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BBL “Symbol of Peace” in Muslim Mindanao

JOLO, SULU, Philippines – A Sulu youth holds a flaglet proclaiming his support to the proposed Bangsamoro Basic Law (BBL) at the Notre Dame of Jolo College, 8 Feb. 2018, where five senators flew in from Manila to conduct a hearing on the BBL with the constituents. Senator Win Gatchalian expects the Senate to pass a version of the BBL which is constitutionally sound and responsive to the needs of the Bangsamoro people. Photo by Mark Cayabyab/OS WIN GATCHALIAN

After listening to the opinions voiced by stakeholders during public consultations on the proposed Bangsamoro Basic Law held in Muslim Mindanao over the past few days, Senator Win Gatchalian said it is apparent that the BBL is supported by a majority of the potential constituents of the Bangsamoro Autonomous Region.

“Generally, the people of Muslim Mindanao seem supportive of the creation of the Bangsamoro Autonomous Region. The BBL has quickly become a symbol of peace in the region, especially among the youth – a rallying point for genuine change, a sign of a brighter future for this war-torn and impoverished land,” said Gatchalian, the vice-chairman of the Senate Committee on Local Government.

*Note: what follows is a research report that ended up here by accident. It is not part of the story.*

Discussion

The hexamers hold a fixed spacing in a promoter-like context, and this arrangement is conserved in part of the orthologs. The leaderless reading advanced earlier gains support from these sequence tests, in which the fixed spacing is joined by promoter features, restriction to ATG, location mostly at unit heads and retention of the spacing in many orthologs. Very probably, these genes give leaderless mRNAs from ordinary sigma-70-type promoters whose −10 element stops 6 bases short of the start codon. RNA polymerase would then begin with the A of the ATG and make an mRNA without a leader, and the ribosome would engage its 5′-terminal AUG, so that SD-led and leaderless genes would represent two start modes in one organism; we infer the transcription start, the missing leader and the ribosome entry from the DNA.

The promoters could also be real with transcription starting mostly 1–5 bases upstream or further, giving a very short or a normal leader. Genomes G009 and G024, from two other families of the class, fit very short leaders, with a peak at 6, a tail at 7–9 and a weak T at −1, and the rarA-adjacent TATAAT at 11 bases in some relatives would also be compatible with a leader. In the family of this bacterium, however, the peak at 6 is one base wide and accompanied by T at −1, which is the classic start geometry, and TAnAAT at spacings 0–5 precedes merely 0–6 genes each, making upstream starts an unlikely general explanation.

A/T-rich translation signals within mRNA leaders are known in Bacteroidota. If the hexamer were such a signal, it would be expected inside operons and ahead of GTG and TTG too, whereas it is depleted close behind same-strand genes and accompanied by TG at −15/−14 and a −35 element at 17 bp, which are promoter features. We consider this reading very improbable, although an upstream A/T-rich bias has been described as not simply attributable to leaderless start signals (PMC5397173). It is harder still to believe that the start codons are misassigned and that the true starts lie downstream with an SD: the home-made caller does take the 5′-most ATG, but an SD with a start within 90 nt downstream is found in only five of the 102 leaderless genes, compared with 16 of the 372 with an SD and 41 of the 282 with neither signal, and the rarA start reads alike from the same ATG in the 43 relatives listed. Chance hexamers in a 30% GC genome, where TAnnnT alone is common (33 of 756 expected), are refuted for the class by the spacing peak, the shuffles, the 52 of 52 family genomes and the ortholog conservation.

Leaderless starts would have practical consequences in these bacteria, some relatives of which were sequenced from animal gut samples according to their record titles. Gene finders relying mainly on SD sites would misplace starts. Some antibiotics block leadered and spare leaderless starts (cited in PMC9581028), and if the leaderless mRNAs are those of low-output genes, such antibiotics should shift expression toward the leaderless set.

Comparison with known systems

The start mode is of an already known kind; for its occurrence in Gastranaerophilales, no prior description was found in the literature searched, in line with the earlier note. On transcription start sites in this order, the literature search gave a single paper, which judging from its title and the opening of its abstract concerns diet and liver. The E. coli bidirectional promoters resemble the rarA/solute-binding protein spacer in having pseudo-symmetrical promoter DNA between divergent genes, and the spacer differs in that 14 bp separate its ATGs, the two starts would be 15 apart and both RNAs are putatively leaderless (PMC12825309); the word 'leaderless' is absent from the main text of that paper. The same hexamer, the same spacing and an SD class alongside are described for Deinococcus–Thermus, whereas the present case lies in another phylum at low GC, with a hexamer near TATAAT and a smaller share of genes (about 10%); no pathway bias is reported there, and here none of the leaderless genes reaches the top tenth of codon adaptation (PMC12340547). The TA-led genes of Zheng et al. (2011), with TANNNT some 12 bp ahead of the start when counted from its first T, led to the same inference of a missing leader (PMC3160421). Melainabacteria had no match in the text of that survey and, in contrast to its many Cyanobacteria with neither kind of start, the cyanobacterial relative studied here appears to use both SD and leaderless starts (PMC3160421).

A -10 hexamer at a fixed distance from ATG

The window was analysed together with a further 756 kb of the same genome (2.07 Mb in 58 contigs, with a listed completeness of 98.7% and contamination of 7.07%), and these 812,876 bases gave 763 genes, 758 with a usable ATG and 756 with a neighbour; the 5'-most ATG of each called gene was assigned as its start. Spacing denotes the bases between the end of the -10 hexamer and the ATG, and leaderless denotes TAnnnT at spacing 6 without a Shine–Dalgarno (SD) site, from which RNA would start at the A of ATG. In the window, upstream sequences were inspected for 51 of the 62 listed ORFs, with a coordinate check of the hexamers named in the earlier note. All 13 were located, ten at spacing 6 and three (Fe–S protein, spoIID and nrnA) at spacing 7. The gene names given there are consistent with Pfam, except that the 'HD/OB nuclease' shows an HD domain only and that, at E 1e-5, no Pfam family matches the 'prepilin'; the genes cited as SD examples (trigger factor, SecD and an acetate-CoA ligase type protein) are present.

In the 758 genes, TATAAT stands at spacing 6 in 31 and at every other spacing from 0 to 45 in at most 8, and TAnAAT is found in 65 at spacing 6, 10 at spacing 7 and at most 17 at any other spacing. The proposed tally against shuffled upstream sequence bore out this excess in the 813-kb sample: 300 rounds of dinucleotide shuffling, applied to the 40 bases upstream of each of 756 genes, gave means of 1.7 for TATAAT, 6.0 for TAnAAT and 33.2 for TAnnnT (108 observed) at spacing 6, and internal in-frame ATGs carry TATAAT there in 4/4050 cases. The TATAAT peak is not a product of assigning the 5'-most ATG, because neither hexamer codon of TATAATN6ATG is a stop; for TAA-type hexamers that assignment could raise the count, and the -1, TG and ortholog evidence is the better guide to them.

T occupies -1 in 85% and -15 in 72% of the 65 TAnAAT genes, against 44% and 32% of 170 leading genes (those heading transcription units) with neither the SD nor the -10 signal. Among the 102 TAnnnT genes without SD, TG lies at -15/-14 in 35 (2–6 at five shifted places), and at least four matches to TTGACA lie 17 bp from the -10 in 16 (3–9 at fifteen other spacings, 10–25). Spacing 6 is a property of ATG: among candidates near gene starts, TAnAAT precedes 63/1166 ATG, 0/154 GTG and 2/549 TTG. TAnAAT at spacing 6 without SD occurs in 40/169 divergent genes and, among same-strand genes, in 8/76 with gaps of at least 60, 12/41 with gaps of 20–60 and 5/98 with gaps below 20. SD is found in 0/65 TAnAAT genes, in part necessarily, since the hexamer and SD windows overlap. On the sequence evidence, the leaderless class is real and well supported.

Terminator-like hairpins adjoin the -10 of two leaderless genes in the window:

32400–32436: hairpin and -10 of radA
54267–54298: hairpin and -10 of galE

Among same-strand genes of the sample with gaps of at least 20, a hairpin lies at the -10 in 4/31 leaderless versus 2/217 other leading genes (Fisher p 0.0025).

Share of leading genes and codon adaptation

Gatchalian was one of several senators who participated in public consultations held by the local government committee in Basilan, Sulu, Tawi-Tawi, and Zamboanga City on Thursday and Friday. The consultations were led by senators Sonny Angara, chairman of the local government committee, and Migz Zubiri, the BBL sub-committee chairman.

Despite the strong public support for the BBL in Muslim Mindanao, however, Gatchalian said there is still a lot of work left to do before the Senate could approve the bill.

“We are still in the process of really dissecting the contentious provisions of the measure. Our task now is to refine the wording of the law to avoid misinterpretations and controversies that might arise once the bill is passed into law,” he said, adding that stronger safeguards against corruption must be worked into the final draft of the law.

Overall, Gatchalian remains optimistic that the Senate will be able to pass a version of the BBL which is constitutionally sound and responsive to the needs of the Bangsamoro people.

“These public consultations have inspired me to contribute as much as I can to the crafting of the BBL. The clamor for the passage of this law was so loud in most areas we went to, it was almost deafening. Our Moro brothers and sisters, especially the youth, have such high expectations for the BBL. We shouldn’t let them down,” he said.